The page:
Problems getting a job or somewhere to rent after leaving prison have contributed to the ACT having the highest rate of return prison episodes in Australia, according to UNSW Canberra lecturer Caroline Doyle.
Dr Doyle, who is also the President of Prisoners Aid ACT, said there are more than 500 detainees in Canberra’s Alexander Maconochie Centre (AMC) and about three-quarters of them have been there before. This compares to a national average of 57 per cent.
She said that most people probably would not associate an affluent jurisdiction such as the ACT with a ‘revolving door’ style prison system, but detainees actually return to the AMC an average of six times and up to as many as 24 times. Dr Doyle believes this needs to change.
“Detainees and former detainees often have made one mistake in their life. We’ve all made mistakes and so we all deserve a second chance,” Dr Doyle said.
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She said that when detainees are released from prison, they can experience a range of challenges that impact their rehabilitation into the community. Among the main challenges are getting a job, finding an affordable place to live and making a fresh start while still living in Canberra.
“If we don’t understand and address the challenges that former detainees face, then it is a recipe for re-offending behaviour,” said Dr Doyle, who has teamed up with two ANU researchers to undertake a new study on the issues.
“If we don’t do something, the revolving door will continue,” she said.
Dr Doyle said that obstacles to getting a job after leaving prison can include having a criminal record, a lack of formal qualifications and even a lack of appropriate clothes to wear to a job interview. A criminal record can also be an obstacle for volunteer positions that require a Working with Vulnerable People Card.
Dr Doyle said the fact that the ACT is a small jurisdiction can cause a unique set of challenges, particularly given that parole conditions often confine former detainees to their own state of territory – making a fresh start difficult for Canberra residents.
“What often happens is that individuals, when they are released, have a higher chance of running into individuals that they socialised with prior to being incarcerated,” Dr Doyle said.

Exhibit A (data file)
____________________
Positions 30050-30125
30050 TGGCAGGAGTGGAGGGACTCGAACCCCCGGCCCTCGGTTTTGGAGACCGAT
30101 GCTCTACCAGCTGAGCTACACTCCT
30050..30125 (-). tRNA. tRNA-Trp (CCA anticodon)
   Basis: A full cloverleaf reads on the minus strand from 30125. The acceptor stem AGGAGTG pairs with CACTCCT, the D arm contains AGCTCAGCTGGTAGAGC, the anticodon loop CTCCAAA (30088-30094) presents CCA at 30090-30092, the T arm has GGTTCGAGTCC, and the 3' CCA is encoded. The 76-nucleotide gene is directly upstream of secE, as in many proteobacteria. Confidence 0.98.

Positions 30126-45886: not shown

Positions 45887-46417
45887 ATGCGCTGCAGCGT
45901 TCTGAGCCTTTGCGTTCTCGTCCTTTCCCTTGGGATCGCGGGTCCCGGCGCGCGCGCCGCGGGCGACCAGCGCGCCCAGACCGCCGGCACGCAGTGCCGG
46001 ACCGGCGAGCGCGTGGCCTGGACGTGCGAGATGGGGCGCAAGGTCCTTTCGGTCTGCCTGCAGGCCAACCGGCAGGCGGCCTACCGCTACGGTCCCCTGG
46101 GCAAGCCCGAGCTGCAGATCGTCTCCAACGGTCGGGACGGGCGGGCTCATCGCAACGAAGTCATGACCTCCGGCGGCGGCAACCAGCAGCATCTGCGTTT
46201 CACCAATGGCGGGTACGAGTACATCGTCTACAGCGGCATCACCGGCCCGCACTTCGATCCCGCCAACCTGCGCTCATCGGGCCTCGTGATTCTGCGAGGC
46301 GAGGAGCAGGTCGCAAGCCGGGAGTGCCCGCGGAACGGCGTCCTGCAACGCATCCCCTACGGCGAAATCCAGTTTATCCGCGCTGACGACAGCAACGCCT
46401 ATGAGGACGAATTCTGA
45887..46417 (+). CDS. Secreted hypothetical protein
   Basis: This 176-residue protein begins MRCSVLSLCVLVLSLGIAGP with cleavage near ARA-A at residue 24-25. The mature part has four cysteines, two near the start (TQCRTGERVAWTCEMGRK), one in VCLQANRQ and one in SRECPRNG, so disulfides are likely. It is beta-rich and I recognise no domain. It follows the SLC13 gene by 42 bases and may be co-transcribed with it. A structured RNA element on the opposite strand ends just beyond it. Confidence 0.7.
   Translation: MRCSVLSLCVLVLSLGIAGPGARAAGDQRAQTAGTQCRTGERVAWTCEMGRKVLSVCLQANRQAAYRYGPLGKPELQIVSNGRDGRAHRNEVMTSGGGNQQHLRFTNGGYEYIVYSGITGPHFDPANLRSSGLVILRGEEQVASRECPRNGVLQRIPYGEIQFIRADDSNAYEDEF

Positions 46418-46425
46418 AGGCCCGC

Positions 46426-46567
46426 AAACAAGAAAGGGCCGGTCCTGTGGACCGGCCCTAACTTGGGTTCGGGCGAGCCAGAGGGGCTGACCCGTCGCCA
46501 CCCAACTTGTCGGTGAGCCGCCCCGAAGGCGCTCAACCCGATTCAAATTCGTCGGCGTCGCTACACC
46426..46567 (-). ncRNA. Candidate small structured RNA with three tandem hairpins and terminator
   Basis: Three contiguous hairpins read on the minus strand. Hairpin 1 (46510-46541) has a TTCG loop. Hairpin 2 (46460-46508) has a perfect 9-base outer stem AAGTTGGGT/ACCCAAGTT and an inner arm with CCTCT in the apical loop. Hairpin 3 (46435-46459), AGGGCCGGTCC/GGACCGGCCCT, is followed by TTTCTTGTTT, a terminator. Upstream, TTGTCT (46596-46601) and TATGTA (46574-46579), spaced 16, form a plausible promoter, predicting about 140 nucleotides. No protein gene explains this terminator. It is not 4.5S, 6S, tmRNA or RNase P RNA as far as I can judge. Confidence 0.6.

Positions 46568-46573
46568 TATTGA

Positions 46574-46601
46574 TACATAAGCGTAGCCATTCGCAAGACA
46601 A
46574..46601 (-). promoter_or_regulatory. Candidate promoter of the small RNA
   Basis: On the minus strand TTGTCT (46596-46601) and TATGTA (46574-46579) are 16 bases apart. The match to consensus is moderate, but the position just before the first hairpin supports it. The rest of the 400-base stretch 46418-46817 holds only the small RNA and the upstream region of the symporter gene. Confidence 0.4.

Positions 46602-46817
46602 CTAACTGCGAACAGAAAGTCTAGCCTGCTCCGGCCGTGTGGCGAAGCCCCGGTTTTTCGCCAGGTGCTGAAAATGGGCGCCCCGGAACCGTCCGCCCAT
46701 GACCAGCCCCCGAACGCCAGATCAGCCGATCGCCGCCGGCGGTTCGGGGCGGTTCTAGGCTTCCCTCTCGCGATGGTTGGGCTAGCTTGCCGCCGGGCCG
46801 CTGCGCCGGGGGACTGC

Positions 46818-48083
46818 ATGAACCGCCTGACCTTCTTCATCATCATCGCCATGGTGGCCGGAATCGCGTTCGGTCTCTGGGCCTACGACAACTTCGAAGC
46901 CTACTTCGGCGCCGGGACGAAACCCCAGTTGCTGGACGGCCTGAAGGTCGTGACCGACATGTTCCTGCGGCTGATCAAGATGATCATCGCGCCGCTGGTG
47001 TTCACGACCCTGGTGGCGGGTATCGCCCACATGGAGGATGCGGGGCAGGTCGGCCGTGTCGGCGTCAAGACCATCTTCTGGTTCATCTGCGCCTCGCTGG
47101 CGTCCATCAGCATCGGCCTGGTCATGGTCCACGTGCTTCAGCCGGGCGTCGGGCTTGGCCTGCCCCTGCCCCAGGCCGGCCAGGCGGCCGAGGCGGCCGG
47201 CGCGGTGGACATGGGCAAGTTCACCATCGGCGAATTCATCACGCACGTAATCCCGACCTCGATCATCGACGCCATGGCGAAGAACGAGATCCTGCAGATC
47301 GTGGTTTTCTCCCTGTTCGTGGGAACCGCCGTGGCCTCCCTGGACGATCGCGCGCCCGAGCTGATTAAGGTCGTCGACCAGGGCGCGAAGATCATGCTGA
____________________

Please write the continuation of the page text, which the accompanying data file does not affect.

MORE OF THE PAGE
“This also presents some barriers when you’re looking at your reintegration into society and your chance of socialising with individuals which perhaps might not assist you with this reintegration.”
Dr Doyle said that affordable housing is a nationwide problem, but it is even more difficult in Canberra as the city has the most expensive rental market in the country.
“Rental properties are cheaper in Queanbeyan than they are in the ACT, but because of that condition of your parole that you’re unable to leave the ACT, then you’re unable to access that housing,” Dr Doyle said.
The ACT Government has a goal of reducing recidivism by 25 per cent by 2025 and in February announced a plan to achieve this by redirecting $14.5 million in funding from expanding the crowded prison to community and rehabilitation programs.
The Government is planning to develop a purpose-built “reintegration centre” on the AMC site, and also to provide more supported housing for former detainees.
Dr Doyle said that a detainee’s re-entry into the community is not really a static event, but a social process which incorporates their life before prison, their immediate release and the years that follow this.
Dr Doyle said there has been no qualitative assessment of the experiences of former detainees following their release from the AMC and so she has teamed up with ANU researchers Professor Lorana Bartels and Dr Anthony Hopkins for a new study.
The study aims to explore the lived experiences of former detainees, identify the service providers they engaged with and understand what works well and what can be improved.
The project will interview former detainees at one month, three months and six months after their release from the AMC.
“In the study, by following a narrative design, we acknowledge that an individual can tell a story about their experiences and provide them with some motivation in this process that things will actually get better,” Dr Doyle said.
Are you surprised that the ACT has such a high rate of return prisoners? What do you think should be done about this? Let us know in the comments below.